Recently I read an article about introducing a brainstorming activity to your project team to discuss how, and why, the project could potentially fail. It was a great article and although it never mentioned the term “risk” it immediately translated to “risk assessment and response planning” in my mind, which focuses on project management practices.
I contacted the authors of the article and mentioned that in project management best practices we consider the risk planning element very seriously and it sounds very similar to what his brainstorming session was meant to produce – a heads up on potential risks that can be mitigated, avoided completely or planned for, should they arise.
The risk planning activities may not be a standard practice in many organizations which is unfortunate. The results can be disastrous. Effectively planning for potential risks, or points of failure, is not only advantageous to the project itself, but it is also a strategic move on the part of the organization to ensure that the projects are appropriately delivering on the strategic goals, as planned.
The risk planning activities may not be a standard practice in many organizations which is unfortunate. The results can be disastrous.
As an example, an organization may have a large, and complex, project in the queue that has a budget of several million dollars. All of the tasks associated with the Initiation Phase will be coordinated by the Project Manager. One of those tasks will be the discussion of risks with the project team and stakeholders. The task of uncovering risks can follow a similar format to brainstorming - using questions to capture thoughts, ideas, and potential issues that could face the project moving forward. Questions like:
- Based on your experience, what do you think could, potentially, go wrong with this project? What have you seen in the past with similar projects?
- How will the stakeholders accept the change that this project will deliver? Is there any risk in the stakeholders not accepting the final deliverable?
- Is the project at risk for loss of funding, investors, human resources or equipment?
- Are we at risk for not acquiring the required licenses or regulatory approvals?
- Will the project be at risk if anyone from the project team leaves?
The last question on the list is based on a common risk that occurs in many organizations – someone leaves the project. We have certainly witnessed project team members cycle in and out of projects depending on availability and skill sets. But what happens when the Project Manager leaves? Or, the Executive Sponsor leaves the business unit or the company? Although all roles are critical to a project, the loss of the Project Manager and the Executive Sponsor could impact the progress of the project.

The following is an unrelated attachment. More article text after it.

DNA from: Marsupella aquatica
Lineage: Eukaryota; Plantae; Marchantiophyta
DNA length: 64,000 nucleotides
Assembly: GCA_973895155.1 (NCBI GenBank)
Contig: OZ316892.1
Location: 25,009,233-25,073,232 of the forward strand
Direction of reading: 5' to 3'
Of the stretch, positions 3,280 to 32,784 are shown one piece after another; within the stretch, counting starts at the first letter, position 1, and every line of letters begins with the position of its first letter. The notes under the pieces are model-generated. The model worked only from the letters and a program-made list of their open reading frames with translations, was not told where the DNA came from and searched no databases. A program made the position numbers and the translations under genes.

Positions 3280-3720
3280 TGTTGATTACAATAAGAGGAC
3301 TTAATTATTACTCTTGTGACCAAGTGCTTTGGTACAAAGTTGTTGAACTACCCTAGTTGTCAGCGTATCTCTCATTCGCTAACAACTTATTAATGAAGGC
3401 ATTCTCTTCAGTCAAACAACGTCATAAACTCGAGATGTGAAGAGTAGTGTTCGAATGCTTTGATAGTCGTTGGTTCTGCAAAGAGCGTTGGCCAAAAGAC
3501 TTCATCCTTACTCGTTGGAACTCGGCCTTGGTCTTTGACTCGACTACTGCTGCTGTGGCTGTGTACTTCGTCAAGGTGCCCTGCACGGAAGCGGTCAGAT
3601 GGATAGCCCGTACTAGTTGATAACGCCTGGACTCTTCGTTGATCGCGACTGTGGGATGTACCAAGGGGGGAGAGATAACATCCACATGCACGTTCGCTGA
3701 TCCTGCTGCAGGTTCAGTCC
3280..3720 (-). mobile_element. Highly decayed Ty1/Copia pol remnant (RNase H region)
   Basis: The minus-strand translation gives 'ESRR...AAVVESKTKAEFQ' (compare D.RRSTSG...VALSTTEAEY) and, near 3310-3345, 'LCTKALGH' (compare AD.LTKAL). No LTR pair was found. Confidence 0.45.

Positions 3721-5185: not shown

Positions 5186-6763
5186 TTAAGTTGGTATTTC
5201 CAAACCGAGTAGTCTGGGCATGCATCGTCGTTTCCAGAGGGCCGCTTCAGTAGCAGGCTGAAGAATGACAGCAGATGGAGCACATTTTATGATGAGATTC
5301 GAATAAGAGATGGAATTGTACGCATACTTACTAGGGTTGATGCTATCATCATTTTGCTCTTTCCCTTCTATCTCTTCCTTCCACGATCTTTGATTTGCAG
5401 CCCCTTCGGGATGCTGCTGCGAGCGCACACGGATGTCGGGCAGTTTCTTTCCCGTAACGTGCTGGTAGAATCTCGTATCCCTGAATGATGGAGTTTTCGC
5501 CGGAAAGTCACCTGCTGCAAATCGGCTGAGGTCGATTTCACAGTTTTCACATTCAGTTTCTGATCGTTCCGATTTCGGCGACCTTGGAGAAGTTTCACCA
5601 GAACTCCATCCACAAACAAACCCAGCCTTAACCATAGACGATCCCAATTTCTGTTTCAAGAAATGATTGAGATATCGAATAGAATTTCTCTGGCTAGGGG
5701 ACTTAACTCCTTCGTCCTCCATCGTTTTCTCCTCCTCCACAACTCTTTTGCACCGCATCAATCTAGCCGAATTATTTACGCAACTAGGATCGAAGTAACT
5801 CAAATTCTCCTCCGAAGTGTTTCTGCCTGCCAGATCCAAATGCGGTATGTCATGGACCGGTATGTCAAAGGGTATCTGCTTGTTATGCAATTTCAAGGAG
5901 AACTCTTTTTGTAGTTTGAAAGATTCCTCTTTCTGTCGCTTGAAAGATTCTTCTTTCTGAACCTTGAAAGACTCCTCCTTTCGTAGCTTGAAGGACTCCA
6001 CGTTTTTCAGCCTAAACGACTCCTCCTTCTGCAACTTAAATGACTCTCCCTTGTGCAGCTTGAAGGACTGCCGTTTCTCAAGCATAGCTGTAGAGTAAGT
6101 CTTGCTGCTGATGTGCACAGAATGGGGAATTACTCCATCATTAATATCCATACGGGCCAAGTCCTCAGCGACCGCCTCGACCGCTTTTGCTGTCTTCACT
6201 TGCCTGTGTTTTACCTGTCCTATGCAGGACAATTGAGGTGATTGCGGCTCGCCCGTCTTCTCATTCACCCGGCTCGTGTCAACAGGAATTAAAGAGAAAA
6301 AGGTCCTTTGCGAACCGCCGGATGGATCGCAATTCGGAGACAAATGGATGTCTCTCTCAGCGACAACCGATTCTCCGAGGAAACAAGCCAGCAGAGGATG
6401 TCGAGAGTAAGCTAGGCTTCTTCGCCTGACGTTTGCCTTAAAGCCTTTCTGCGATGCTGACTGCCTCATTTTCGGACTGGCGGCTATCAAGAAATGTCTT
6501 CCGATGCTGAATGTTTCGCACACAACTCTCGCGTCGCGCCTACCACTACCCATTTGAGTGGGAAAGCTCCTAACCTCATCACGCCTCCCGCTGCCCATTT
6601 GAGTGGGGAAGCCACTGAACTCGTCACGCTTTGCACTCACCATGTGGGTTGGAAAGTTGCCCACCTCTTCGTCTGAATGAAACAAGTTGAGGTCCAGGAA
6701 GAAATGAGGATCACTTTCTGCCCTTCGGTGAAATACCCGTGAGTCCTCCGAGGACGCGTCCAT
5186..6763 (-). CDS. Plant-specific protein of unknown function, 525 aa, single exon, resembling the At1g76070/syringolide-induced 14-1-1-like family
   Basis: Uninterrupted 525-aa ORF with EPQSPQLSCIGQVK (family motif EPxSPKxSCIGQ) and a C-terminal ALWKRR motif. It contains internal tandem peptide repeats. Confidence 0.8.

Take for example, an executive, who is acting as a Project Manager, and is unfamiliar with project management best practices. When he leaves the company, the multi-million dollar project jumps up to an elevated level of risk. Why? Because all of the information, issues, risks, quality measures, budgeting, vendor relationships and regulatory challenges walked right out the door with him.
The takeaway from this scenario is that risk assessments should not be considered static. Risks can, and will, change throughout the various stages of the project. Some risks may be closed, or the level of exposure is reduced, while new risks are introduced, or the exposure level may increase which would require a change in your response planning efforts should those risks occur.
Here are some ideas on how to start pulling your project back together if you experience a similar scenario:
- Review the existing risk assessment and response plan with the team so that updates can be made based on the current progress of the project.
- Discuss response planning for new, potential, risks that have been identified.
- Determine what the action plan will be, as a team, for the risks that have arisen which could impact the project.
- Schedule a monthly review of risks with the project team. This will ensure that the team gets into the habit of identifying, discussing and reviewing risks.
The best way to avoid the negative impact of risk is to follow project management best practices, for instance:
- Document risks, issues and assumptions and share with the team for comment and feedback.
- Store all project documentation in an easy to find, and navigatable, folder system on your network.
- Use a collaboration tool that will allow the team members to easily share and communicate potential risks that they have identified during the course of their work.
- Establish a sustainability plan for all critical project team members
- Always continue to improve your processes based on input from the team.
Good luck and don’t forget to schedule that risk review, with your team, today!